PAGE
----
Travel experience officer, hotel test sleepers... China's dream jobs

"Others save money to travel, but I travel to make money," says Hao, who was chosen from among 50,000 applicants to be offered the position in April.

Beijing: Being paid to travel and scooping a monthly salary of 10,000 yuan (USD 1,600) just for taking photos and writing blogs... this is not a dream, but Hao Na's job.

Having traveled to more than 10 different countries throughout Asia and Europe, 28-year-old Hao Na has made a full-time career of her passion since becoming a "travel experience officer" for a tourism website, a job which involves sharing her travel experiences online to lure potential clients, reports Xinhua.

"Others save money to travel, but I travel to make money," says Hao, who was chosen from among 50,000 applicants to be offered the position in April.

"It's definitely my dream job," she adds.

Inspired by the new ways of communication made possible by social media platforms like Weibo, where ordinary people can share their experiences and points of view, China's travel industry has started to recruit individuals like Hao to offer frank and honest advice to would-be travellers. It is proving a good promotional alternative to handing out glossy brochures.

"The job has given me a sense of responsibility when I travel. I am expected to tell other travellers why I love these places and how they can find the special attractions as well as some money-saving tips," Hao says.

Gone are the days of the 1980s when young graduates were assigned to dull working positions in which they had no interest. The development of Chinese society and technological innovation has created a new breed of jobs that can no longer be found under old-fashioned classifications of employment.

Zhang Yumo's job sounds like the most comfortable vocation in history. She is a "hotel test sleeper" for a mobile app. Her working responsibility is to anonymously experience hotels' service, environment, cleanliness, value for money and dining.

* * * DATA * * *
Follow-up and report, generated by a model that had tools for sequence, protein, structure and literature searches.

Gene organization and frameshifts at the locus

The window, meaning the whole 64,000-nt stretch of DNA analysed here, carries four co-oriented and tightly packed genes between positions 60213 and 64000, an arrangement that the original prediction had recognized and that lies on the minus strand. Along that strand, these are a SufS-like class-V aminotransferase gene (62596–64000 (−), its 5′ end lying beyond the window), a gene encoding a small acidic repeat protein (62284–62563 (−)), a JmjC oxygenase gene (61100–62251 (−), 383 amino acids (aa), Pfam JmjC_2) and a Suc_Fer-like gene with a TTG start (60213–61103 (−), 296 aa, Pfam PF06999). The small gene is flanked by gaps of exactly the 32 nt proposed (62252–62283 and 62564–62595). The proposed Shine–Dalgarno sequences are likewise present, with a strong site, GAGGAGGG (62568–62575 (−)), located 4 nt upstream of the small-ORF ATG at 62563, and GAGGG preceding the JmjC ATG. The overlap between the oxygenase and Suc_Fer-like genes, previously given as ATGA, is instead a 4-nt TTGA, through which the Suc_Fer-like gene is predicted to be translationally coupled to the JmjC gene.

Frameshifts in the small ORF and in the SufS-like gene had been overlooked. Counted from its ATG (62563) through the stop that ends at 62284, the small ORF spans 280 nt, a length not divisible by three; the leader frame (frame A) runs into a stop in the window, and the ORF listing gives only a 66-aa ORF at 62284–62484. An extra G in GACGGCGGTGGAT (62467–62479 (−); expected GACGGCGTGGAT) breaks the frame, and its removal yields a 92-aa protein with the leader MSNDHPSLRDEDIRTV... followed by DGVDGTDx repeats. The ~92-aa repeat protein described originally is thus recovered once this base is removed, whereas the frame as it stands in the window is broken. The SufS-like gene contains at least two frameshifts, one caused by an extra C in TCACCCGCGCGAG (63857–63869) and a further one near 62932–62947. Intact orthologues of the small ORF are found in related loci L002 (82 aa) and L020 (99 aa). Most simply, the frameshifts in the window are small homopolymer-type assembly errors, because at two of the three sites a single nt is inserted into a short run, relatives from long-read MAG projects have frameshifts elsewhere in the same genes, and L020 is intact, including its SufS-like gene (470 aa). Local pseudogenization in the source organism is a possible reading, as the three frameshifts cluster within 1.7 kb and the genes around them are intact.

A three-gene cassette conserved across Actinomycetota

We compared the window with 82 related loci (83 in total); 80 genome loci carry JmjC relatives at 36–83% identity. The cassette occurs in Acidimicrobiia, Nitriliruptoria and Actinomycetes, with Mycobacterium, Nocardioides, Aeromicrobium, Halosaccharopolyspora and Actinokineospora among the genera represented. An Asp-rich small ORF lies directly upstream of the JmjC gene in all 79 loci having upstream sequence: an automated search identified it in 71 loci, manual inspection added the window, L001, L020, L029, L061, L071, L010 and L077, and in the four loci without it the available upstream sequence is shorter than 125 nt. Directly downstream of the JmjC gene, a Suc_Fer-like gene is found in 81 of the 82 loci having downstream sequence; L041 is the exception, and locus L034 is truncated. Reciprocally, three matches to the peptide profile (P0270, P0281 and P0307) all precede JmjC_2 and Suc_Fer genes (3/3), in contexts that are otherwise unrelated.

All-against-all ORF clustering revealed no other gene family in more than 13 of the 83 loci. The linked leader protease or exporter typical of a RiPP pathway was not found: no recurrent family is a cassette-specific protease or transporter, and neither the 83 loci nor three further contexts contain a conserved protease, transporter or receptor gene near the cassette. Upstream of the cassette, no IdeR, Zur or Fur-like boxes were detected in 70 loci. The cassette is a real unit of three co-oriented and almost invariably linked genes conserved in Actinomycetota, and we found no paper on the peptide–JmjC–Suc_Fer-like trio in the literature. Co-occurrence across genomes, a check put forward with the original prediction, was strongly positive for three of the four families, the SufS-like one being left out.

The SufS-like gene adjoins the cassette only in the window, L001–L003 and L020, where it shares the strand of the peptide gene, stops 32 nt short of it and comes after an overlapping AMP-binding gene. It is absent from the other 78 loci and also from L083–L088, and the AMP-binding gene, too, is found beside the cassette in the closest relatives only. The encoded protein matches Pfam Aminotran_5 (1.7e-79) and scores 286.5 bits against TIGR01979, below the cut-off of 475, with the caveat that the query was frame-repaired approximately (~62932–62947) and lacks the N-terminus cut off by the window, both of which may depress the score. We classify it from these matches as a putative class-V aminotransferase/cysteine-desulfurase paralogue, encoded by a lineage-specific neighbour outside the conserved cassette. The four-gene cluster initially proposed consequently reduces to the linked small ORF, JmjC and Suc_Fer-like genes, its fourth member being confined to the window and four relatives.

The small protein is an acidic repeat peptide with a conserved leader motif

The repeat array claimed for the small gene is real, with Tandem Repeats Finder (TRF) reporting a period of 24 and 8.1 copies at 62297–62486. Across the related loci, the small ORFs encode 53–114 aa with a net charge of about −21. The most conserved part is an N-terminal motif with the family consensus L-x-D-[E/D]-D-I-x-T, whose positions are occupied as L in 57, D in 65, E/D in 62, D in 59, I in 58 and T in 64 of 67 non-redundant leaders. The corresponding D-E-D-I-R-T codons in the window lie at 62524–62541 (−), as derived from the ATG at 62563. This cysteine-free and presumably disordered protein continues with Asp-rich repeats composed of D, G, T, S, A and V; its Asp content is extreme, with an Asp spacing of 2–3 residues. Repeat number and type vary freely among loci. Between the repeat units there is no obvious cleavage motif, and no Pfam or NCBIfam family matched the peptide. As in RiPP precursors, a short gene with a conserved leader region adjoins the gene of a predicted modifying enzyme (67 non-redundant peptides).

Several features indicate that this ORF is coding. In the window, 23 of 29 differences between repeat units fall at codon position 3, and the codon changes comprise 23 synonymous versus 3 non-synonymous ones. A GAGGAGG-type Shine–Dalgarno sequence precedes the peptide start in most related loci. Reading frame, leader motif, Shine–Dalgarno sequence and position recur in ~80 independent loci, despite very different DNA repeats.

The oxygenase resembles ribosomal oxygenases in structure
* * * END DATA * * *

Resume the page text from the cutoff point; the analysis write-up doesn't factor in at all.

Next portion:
Her reviews posted on the mobile app provide an independent third-party evaluation and help travellers make smart hotel picks.

"When making comments on hotels, we try our best to get rid of subjective preference and write objective descriptions... Using pictures and videos, my report serves as a vivid illustration for customers," she says.

Zhang was selected for the job in 2010 from a pool of 7,000 applicants thanks to her art college degree and background of freelance writing. She has since been certified by the China Hotel Association as a "Professional Hotel Test Sleeper", earning 10,000 yuan a month.

"These emerging jobs like travel experience officer, modeling for websites, hotel test sleeper, pet photographer, reflect Chinese people's pursuit of a high quality of life," according to Liu Kang, director of the China Employment Training Technical Instruction Center.

"These jobs cater to the rising demand of urbanites for a sophisticated lifestyle as well as offering more opportunities for young people to jump into a job that they are really passionate about," he adds.